Toledo, Ohio A security guard who held a Lucas County Sheriff’s deputy at gunpoint at the Internal Revenue Service office in Toledo believed no one should be above federal law, not even law enforcement.
Body-camera footage captured by a Toledo police officer shows Seth Eklund, who was working security in the office on May 31, repeatedly defending his decision to point his gun at Deputy Alan Gaston, who was in uniform, following an exchange over whether the deputy could carry his duty weapon in a federal office.
“You gotta be here on official business,” Mr. Eklund, 33, told a Toledo police officer who responded to the 911 call.
The exchange between Mr. Eklund and Deputy Gaston is portrayed in police body-camera footage obtained exclusively by The Blade. That footage has become the center of a lawsuit in which Deputy Gaston claims he was discriminated against based on his race when Mr. Eklund pointed his gun at him for being armed in a federal office, causing “severe emotional and psychological distress” to the deputy.
“I completely felt like I was going to be killed,” Deputy Gaston previously told The Blade. Mr. Eklund’s employers, Paragon Systems, Inc. and Praetorian Shield, Inc., are also named in the lawsuit.
Deputy Gaston, 57, said he went to the IRS office, 422 N. Summit St., to ask a question about a letter he had received in the mail. Though he was on duty and in full uniform, he said he told Mr. Eklund he was there on personal business, at which point Mr. Eklund asked him to remove his gun.
When the deputy declined after other options weren’t available, Mr. Eklund reportedly drew his weapon and tried to detain Deputy Gaston while another office employee called 911, telling the dispatcher that there was a man in the office with a gun who was refusing to leave. The caller didn’t mention Deputy Gaston’s position with the sheriff’s office.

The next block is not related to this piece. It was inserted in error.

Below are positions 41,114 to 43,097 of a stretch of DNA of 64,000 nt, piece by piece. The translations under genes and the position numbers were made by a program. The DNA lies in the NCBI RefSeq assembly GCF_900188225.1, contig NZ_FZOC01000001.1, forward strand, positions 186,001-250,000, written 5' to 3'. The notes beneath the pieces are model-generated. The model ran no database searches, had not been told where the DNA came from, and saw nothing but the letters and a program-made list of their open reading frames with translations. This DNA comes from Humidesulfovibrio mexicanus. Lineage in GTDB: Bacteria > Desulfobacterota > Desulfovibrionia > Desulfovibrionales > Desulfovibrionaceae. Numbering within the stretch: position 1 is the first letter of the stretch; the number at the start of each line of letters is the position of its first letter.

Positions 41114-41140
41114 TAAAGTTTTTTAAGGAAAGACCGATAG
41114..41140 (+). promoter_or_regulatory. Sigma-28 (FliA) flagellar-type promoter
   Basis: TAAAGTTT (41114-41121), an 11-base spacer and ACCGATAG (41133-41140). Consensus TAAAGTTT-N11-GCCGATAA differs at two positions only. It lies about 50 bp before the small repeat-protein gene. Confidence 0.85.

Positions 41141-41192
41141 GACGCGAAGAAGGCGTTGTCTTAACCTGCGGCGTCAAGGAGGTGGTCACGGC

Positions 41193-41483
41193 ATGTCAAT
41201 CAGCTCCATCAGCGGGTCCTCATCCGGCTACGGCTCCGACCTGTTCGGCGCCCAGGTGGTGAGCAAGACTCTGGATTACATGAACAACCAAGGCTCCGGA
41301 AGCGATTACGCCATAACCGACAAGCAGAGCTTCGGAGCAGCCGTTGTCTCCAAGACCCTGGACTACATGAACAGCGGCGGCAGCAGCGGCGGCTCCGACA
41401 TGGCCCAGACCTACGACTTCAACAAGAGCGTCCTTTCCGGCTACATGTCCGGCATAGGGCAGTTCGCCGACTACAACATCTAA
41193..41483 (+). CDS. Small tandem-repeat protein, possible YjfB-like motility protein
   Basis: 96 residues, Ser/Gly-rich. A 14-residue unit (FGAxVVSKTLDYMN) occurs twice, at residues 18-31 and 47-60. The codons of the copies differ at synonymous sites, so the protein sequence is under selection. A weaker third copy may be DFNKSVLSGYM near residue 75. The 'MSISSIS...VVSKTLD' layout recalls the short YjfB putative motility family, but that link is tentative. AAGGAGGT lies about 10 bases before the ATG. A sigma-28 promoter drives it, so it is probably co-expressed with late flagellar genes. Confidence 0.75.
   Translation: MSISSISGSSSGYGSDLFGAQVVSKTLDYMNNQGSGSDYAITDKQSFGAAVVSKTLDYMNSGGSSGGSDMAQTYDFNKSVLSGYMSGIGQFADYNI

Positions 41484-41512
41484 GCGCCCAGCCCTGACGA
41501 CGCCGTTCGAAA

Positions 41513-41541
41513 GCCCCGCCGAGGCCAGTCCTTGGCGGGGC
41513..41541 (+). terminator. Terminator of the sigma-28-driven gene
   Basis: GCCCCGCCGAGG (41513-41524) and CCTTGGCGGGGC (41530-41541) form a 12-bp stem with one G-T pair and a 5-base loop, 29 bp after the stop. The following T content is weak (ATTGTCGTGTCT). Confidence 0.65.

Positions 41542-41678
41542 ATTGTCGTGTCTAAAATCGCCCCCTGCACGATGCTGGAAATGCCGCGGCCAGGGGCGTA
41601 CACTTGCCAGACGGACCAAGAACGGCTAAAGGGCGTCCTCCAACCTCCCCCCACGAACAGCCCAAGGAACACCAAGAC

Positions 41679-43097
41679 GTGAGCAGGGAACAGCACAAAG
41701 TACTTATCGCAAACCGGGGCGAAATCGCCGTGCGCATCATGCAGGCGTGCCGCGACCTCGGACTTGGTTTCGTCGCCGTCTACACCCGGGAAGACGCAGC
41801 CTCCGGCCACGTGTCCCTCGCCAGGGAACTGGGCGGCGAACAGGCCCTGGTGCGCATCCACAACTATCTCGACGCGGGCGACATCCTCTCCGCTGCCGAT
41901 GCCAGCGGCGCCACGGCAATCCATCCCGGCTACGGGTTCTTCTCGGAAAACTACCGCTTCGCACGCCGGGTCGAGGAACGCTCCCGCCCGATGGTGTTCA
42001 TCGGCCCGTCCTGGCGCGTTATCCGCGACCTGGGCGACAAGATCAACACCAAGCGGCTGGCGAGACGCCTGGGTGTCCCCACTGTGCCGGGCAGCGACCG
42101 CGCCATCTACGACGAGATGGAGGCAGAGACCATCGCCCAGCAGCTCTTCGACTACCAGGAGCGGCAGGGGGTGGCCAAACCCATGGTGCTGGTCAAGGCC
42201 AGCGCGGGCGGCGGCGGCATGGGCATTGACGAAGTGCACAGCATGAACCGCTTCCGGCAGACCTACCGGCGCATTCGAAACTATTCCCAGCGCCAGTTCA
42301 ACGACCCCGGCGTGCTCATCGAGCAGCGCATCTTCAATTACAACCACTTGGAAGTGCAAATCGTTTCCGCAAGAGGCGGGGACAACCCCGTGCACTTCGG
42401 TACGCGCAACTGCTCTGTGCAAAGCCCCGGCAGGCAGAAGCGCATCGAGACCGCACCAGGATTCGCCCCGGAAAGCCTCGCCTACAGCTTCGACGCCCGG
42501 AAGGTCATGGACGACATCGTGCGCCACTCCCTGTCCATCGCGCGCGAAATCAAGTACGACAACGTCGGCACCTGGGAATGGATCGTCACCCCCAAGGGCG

The Toledo police officers’ confusion about the call is evident on the bodycam video.
Responding to Mr. Eklund’s claims that law enforcement officers cannot carry their weapons in the building unless acting in an official capacity, an officer asks him: “Even if he’s an officer?”
“You’re not allowed to have your weapon on federal property,” Mr. Eklund responds.
“Even us?” a second officer asks.
“Even you, unless you’re here on official business,” Mr. Eklund says.
Who is right?
The U.S. General Services Administration, which sets the rules and regulations governing conduct on federal property, says: “Federal law prohibits the possession of firearms or other dangerous weapons in Federal facilities and Federal court facilities by all persons not specifically authorized by Title 18, United States Code, Section 930. Violators will be subject to fine and/or imprisonment for periods up to five (5) years.”
Who is “specifically authorized” to possess firearms in federal buildings? Federal, state and municipal law enforcement officers in the “lawful performance of official duties,” federal officials and armed forces, and everyone else “incident to hunting or other lawful purposes.”